Save the Loom: defining, documenting, and preserving
The main focus of the project is preserving, documenting, and defining Danish loom types. The project began slowly in 2018, however it is still in its early phases.
The aim of the project is divided into three parts:
- A basic analysis of the concept of tools for weaving, using the focus and perception of the weaver as a framework for defining the fundamental characteristics of the tool for weaving.
- A registration of old looms in Danish museum collections.
- A study of the Danish loom factory, Lervad, that was operating during the late 19th and early 20th century.
The project looks at the definition of the loom and seeks to unfold it by doing a functional analysis of the different loom types. This type of analysis involves classifying the fundamental characteristics of the tool for weaving, such as how the sheds are controlled and how the weft is inserted. A functional definition of the characteristics of a loom is, however, inherently entwined with the definition of weaving. After all, simply put, the definition of a loom is a tool for weaving, and weaving is defined as: to perpendicularly interlace weft and warp threads into fabric. Naturally, this terminological entanglement must be considered when creating a technological vocabulary.
By registering the old looms in the collections of Danish museums, we aim to gather knowledge of the old loom types in Denmark. We also wish to create a nationwide strategy for preserving looms. For the purpose of registering the looms, we have developed a registration form that encompasses all information relevant for a loom, e.g. loom type, producer, and technical functions. Project members Flemming Lundholm and Katrine Brandstrup have already visited the open-air museum Hjerl Hede in Jutland and looked at their collection storage. This collection fittingly exemplifies how remnants of the history of the old Danish weaving tradition is not gone only hidden and simultaneously proves the need for a structural registration of looms in museum collections.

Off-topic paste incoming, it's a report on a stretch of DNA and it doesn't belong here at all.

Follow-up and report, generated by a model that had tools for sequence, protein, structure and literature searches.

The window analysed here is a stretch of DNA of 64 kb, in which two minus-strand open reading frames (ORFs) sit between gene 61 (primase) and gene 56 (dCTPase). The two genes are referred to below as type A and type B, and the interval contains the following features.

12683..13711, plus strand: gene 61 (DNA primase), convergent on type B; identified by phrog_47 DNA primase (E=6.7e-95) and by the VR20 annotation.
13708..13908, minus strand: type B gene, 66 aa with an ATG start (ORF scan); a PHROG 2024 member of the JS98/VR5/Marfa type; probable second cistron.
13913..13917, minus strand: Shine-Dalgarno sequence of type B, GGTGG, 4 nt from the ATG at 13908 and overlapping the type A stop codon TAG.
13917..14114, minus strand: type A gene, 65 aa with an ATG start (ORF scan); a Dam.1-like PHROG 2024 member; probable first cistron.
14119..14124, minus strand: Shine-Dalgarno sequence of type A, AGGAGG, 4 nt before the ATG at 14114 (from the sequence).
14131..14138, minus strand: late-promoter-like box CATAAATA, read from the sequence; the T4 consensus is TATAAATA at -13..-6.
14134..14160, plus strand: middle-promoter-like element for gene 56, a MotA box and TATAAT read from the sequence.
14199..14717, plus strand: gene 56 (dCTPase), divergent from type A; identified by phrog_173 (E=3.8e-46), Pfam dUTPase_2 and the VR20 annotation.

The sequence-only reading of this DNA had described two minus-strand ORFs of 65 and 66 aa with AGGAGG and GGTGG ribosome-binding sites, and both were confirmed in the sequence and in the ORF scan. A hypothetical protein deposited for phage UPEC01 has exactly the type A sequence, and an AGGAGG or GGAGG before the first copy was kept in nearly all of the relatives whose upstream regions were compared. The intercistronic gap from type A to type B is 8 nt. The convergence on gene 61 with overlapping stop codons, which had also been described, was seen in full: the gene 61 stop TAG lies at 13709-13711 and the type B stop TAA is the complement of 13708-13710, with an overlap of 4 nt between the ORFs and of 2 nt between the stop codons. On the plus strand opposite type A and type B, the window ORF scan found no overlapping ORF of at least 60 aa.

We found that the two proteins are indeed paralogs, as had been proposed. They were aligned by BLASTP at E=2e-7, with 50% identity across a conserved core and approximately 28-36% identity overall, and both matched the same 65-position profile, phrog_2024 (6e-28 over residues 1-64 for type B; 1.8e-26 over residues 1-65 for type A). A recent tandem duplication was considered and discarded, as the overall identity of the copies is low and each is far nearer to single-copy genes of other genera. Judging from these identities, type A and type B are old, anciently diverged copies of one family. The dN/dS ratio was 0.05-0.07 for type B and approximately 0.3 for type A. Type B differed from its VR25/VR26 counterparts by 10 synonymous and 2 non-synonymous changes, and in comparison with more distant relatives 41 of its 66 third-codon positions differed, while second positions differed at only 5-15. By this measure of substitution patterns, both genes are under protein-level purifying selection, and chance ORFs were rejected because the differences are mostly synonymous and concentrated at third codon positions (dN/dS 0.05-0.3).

When working with old looms it becomes clear that there is a general need for more textile technological vocabularies with verbal and non-verbal descriptions of the different parts of a loom. Therefore, we aim to cooperate with other projects to create a platform that will link terminological resources for handicrafts. This will help not only researchers of textile history but also museums in their collection, registration, and preservation of textile tools as well as their presentation of the weaving tradition in the pre-industrial peasant society.
The history of Lervad is essential for the weaving tradition in the 20th century and it is closely connected to a new Danish weaving tradition that was founded within a larger movement of handicrafts in Denmark. The Lervad company produced looms and other weaving equipment from 1895 to the 1980s. It was founded by Anders Lervad who started producing the first looms for handicraft students in Askov, Jutland where the teacher and textile artist Jenny la Cour had started offering lessons in weaving in the late 1890s. Throughout the years, many different types of Lervad looms have been produced and exported. This includes looms for professional weavers, for the purpose of ergotherapy, and evening school courses, and many of them are still in use today. The Save the Loom project is also a study of the Lervad factory and its impact on the history of textile production and handicrafts in Denmark as well as other Nordic countries.
- Lundholm, Flemming, Weaver
- Klitmøller, Linda, Ethnologist MA
Student assistant and interns
- Sonne, Mathilde Sara
- Jensen, Helene Lilja